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County-supported research has led to State law protecting water quality by phasing out use of copper in vehicle brake pads.

Brake Pads & Water Quality

County-supported research leads to State law protecting water quality

Copper from vehicle brake pads washes off roadways into waterways, where it can impact fish and other aquatic life. The Alameda Countywide Clean Water Program (ACCWP) has been championing scientific studies of the sources and effects of copper in our waterways for 15 years. The results of these studies culminated in a new State law, SB 346, that requires brake pad manufacturers to begin phasing out the use of copper from vehicle brake pad manufacturing. Preventing this important source of copper from reaching waterways is more sustainable and cost-effective than trying to remove copper from the water.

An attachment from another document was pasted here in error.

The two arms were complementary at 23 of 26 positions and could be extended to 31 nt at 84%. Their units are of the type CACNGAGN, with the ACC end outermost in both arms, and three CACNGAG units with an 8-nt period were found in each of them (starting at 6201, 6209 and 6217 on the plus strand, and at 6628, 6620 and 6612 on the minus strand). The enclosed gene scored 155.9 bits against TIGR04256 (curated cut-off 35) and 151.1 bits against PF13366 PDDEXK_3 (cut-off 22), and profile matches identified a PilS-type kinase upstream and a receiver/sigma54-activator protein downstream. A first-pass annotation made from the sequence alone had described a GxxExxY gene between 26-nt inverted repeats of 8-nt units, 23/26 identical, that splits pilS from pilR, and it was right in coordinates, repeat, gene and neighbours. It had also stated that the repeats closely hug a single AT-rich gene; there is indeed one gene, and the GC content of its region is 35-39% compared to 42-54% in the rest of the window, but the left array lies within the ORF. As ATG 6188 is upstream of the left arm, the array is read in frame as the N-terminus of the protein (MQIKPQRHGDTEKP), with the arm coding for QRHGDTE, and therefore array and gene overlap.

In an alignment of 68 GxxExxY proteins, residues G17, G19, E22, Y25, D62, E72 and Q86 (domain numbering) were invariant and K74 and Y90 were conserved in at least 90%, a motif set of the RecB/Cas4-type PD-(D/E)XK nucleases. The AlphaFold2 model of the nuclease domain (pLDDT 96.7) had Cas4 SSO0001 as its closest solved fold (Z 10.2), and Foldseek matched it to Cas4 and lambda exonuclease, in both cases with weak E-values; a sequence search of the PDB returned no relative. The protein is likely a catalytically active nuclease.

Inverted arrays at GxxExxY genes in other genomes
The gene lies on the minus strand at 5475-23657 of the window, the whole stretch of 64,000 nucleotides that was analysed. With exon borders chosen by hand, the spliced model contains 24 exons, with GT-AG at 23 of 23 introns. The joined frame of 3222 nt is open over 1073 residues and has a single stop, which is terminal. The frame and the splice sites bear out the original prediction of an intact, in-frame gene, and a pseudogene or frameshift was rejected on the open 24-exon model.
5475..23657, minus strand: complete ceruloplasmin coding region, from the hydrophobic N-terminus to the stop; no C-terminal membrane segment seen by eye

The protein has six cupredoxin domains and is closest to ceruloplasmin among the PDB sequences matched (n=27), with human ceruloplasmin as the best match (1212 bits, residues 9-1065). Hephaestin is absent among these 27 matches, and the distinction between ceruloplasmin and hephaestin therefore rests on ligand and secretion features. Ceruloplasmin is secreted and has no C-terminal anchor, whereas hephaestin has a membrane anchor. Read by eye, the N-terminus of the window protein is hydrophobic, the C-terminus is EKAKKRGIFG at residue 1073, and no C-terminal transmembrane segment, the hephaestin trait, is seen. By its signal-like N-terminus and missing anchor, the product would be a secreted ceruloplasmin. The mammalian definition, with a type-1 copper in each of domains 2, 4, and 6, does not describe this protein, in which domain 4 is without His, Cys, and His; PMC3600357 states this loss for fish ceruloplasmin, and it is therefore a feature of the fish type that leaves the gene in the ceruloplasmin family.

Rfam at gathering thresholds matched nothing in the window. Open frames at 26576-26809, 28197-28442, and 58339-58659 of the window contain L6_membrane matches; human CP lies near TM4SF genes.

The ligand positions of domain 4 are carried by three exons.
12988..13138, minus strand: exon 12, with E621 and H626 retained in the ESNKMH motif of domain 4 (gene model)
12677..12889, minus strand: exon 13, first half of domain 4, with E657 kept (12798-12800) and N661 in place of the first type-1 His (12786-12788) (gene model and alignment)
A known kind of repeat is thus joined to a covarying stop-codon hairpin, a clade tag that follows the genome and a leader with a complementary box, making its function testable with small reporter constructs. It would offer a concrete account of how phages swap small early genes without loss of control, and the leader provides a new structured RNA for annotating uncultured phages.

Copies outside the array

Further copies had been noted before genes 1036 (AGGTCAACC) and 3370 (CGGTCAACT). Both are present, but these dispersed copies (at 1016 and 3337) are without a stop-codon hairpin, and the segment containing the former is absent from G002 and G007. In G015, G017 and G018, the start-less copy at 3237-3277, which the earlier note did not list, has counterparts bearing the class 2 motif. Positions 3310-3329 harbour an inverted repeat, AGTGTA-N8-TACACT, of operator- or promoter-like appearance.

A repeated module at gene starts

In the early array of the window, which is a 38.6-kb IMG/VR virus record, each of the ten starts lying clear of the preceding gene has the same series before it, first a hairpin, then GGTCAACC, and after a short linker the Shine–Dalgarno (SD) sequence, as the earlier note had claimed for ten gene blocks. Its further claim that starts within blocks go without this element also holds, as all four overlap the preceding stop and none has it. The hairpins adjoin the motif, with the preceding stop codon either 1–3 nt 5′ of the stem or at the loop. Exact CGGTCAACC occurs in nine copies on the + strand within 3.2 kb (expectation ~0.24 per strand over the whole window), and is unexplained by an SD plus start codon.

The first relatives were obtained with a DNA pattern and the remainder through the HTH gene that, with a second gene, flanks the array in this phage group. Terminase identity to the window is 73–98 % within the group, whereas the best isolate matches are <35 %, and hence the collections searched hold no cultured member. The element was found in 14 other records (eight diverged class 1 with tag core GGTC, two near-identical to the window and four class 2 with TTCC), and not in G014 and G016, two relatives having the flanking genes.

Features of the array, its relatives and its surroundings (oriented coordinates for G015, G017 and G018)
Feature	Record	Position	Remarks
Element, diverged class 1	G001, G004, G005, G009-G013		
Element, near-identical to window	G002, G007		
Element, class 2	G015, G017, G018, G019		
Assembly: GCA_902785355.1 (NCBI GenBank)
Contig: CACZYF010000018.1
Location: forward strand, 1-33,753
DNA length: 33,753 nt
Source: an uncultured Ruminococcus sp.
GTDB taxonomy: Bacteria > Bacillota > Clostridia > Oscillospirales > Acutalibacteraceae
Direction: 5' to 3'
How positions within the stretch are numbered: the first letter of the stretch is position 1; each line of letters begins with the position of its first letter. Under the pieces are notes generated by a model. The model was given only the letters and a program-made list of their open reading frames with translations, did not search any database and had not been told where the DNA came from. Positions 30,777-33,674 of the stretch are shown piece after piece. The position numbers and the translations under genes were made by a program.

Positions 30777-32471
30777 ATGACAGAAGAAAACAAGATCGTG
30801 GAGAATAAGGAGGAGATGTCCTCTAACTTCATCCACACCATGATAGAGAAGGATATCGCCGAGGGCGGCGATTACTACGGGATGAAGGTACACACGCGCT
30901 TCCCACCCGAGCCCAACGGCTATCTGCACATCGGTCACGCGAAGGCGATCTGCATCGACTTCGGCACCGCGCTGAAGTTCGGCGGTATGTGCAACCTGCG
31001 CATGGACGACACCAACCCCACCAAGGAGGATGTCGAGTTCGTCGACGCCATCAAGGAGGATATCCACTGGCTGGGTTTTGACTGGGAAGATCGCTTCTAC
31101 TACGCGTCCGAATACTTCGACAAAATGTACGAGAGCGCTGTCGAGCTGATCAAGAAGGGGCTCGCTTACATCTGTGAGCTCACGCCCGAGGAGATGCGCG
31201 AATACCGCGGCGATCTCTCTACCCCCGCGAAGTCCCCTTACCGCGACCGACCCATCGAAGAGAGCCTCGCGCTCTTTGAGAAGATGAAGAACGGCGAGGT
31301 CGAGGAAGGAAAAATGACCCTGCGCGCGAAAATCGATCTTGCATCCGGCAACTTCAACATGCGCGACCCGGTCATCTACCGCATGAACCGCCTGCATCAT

ACCWP is a consortium of 14 Alameda County cities, the Alameda County Flood Control District and Zone 7 Water District as well as unincorporated Alameda County. ACCWP actively participated in a unique and innovative partnership among government, industry and environmentalists that used the studies to advocate for passage of SB346. In addition to protecting water quality, these studies helped the County negotiate with the Regional Water Quality Control Board in the development of the recently-adopted Municipal Regional Stormwater Permit that covers Alameda County and four other Bay Area counties.